Food and Nutrition Situation


The effects of household food security issues are most clearly reflected in the nation's food and nutrition status. As with any quantitative assessment for the Lao PDR, however, the food and nutrition situation presented here must be considered very carefully, since information systems are only rudimentarily developed and there are no institutionalized nutrition surveys. Even where nutrition status data are available, explicit statements of definitions, criteria, cut-off points, and the like are frequently varied and sometimes even missing. Nonetheless, data from a few prior nutrition surveys. current hospital records, site visits, and interviews highlight the Lao PDR's present nutrition problems and their extent.

Low birth weight

The prevalence of low birth weight (LBW) reflects infant and maternal nutrition status. In urban areas LBW appears to be under 10% and not a major problem. In 1984 Kripps collected data on 598 urban newborns and reported a mean birth weight of 3.07 + 0.42 kg 19]. A recalculation from these data, assuming a normal distribution. would give an incidence of urban LBW of approximately 8.8% at that time. Perez reported that LBW accounted for 9%-15% of newborns in some urban areas [10]. UNICEF noted an LBW of 8.38% among 4,510 deliveries at Mahosot Hospital between January 1989 and June 1990.

The data for rural estimates are cloudier but still below 10%. Data at the Lao PDR Maternal and Child Health Institute reveal wide discrepancies in LBW rates, with 6.78% (222 per 3,274 births) at Mahosot Hospital, compared to 4.73% (63 per 1,333) at the provincial hospital in Khammouane and 0.39% (10 per 2,534) in Champasak.

Protein-energy malnutrition in preschoolers

Three major nutrition-status surveys have been conducted among Lao preschool children (0-60 months of age). The 1984 Kripps study [9], conducted in day care centres in Vientiane and in Vientiane and Luang Prabang provinces and three provinces in the south (N = 6,612), is considered the first phase of the Lao PDR national nutrition survey; the Vijayaraghavan study in 1986 (unpublished WHO report) constituted a second phase covering selected areas of the other 11 provinces (N=6,967) [11]; and the unpublished Lao PDR Ministry of Health survey in 1988-1989 covered nine provinces, six in the north and three in the south (N= 6,378).

Assessments of nutrition status depend of course on the indicator and cut-off point used. Taking 60% of the US National Center for Health Statistics (NCHS) median weight for age (W/A) as the cut-off, severe malnutrition occurred in 2% of children in the 1984 study [9] and 2.8% in the 1986 study [11]. Bokeo, Luangnamtha, and Kammouane provinces were the poorest areas (more than 4%), and northern provinces were generally the worst off. With an 80% NCHS median cut-off point, malnutrition or undernutrition was 42% in 1984 and 55% in 1986 (average 48.5%). Northern provinces were worse off again by this criterion, and 60% of children were malnourished in Bokeo, Oudamsay, Luangnamtha, and Attapeu.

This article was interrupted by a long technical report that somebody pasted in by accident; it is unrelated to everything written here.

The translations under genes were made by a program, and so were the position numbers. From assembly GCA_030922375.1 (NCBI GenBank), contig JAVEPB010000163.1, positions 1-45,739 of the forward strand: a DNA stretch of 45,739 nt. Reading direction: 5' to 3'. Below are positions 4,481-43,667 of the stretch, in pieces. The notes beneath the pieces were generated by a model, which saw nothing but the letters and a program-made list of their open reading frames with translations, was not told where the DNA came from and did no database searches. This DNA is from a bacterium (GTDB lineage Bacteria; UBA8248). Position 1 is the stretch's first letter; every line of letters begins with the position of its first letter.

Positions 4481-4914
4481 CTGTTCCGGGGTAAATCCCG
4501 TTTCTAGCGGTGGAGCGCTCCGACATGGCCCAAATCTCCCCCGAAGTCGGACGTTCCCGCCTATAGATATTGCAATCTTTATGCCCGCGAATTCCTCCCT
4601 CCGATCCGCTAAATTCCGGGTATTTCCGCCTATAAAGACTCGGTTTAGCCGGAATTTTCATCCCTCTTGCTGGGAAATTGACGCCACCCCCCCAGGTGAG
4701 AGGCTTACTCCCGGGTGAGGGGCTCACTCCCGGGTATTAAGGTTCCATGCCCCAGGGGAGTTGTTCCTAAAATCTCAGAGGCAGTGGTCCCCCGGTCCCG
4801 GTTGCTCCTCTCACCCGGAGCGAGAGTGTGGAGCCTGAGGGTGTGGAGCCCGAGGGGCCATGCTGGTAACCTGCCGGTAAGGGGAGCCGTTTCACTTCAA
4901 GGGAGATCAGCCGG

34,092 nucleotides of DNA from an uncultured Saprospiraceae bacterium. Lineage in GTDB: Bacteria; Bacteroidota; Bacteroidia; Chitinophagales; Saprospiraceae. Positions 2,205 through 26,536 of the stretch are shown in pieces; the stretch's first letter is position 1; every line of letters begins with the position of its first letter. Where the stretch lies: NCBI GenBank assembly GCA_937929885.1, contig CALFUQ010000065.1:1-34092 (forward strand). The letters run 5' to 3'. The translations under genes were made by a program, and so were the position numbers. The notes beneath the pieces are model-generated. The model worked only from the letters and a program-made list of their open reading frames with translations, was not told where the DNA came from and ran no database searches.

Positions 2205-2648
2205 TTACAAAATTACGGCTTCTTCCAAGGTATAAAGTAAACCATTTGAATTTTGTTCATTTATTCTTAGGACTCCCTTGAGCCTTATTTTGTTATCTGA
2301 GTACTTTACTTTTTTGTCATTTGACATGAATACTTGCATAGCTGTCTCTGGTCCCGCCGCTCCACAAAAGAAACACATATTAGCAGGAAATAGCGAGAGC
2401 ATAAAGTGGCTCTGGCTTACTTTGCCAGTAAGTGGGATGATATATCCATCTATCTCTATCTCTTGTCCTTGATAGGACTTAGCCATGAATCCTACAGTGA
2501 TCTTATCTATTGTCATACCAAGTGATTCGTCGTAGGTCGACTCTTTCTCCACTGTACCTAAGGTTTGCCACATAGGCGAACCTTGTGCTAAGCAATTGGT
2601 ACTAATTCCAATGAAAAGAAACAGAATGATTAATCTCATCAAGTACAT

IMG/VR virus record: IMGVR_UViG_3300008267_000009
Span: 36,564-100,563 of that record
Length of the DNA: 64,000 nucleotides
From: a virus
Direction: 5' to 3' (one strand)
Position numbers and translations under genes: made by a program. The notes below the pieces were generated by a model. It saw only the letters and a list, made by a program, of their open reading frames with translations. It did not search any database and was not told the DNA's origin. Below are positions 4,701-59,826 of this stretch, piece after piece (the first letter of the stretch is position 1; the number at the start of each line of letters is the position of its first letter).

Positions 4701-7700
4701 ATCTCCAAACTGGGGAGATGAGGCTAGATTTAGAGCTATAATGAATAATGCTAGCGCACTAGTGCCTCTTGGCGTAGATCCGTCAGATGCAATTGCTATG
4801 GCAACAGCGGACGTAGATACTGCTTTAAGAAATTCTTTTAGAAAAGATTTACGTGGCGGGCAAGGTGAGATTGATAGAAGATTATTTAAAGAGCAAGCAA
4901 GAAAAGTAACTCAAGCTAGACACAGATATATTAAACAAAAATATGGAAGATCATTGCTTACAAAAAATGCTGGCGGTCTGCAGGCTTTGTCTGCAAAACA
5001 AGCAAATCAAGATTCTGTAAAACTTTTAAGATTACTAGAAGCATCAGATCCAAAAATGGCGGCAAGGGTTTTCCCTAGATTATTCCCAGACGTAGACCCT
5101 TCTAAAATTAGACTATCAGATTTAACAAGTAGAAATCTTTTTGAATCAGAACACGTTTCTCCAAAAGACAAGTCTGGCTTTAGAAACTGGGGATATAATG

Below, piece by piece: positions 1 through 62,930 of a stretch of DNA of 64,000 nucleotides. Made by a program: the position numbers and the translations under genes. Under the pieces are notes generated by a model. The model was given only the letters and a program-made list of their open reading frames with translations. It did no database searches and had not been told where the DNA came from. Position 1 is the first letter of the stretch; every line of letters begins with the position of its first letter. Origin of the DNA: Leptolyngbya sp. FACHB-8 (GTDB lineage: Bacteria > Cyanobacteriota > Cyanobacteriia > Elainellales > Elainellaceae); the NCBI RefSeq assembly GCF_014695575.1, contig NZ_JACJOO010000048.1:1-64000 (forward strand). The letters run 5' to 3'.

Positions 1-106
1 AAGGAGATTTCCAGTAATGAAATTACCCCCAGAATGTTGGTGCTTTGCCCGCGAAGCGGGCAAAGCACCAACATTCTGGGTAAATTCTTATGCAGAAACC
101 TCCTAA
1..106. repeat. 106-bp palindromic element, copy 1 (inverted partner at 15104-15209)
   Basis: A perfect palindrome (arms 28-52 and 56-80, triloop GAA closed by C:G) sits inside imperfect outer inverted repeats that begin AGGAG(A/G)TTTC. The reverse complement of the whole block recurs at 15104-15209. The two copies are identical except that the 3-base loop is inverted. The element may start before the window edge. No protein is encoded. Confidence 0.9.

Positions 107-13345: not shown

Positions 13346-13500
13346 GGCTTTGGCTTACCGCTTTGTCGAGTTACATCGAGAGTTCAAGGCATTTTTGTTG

Using -2 standard deviations of the NCHS values for height for age (H/A) as the cut-off, stunting (which reflects chronic nutritional deprivation) was also widespread (40% in 1984 and 54.4% in 1986), especially in the north.

Recent small-scale surveys in three provinces by the Save the Children Fund (UK) have shown limited improvement in this situation. These surveys used -2 standard deviations as the cut-off point for both W/A (7%-14%) and H/A (20%-24%).

Children more than one year old who were being weaned constituted the most vulnerable group. In the 1986 survey, for each one-year stratum above one year of age, undernutrition (W/A) ranged from 61.9% to 62.8% [11]. Only 7% of infants under six months old and 36% of those 6-12 months old were considered malnourished. Regarding wasting (W/H), which reflects underfeeding, the problem is worst during the second half of the first year (15.9%) and then gradually improves thereafter (down from 11.3% in the third year to 2.5% in the fifth year). However, although the older children were better fed (W/H), stunting (H/A) persisted. Kripps [9] reports that severe wasting (W/H under 60%) occurred especially among children 12-24 months old (3%), with girls tending to be marginally better off than boys.

Micronutrient deficiencies

Micronutrient deficiencies are also an important nutritional problem in Lao PDR. Although up to the present there have been no detail precided data but most of those deficiencies are: Iodine, Vitamin and so on.

Bladder stones

Bladder stones are a major problem in Thailand and other countries of the region. They are caused by several nutrition factors, including (1) the early introduction of weaning foods, especially premasticated glutinous rice, which leads to less breast milk intake or water content; (2) inadequate phosphate intake, usually accompanied by high protein sources; and (3) high oxalate content from vegetables in the diet.

In the Lao PDR, Kripps noted that 40% of bladder-stone cases involved the introduction of rice within the first four weeks of life, while Vijayaraghavan reported rates of 22.1%-31.9%. Since people in north-east Thailand and the Lao PDR (especially Lao Loum) share a common culture and food habits, it is not surprising that bladder-stone disease is found among young boys in both populations. This was confirmed by team discussions with Lao PDR physicians. Experience in Thailand indicates that if supplementation is postponed until the child reaches the optimal age of 4-6 months and protein energy malnutrition has improved, a marked decrease in bladder-stone cases occurs.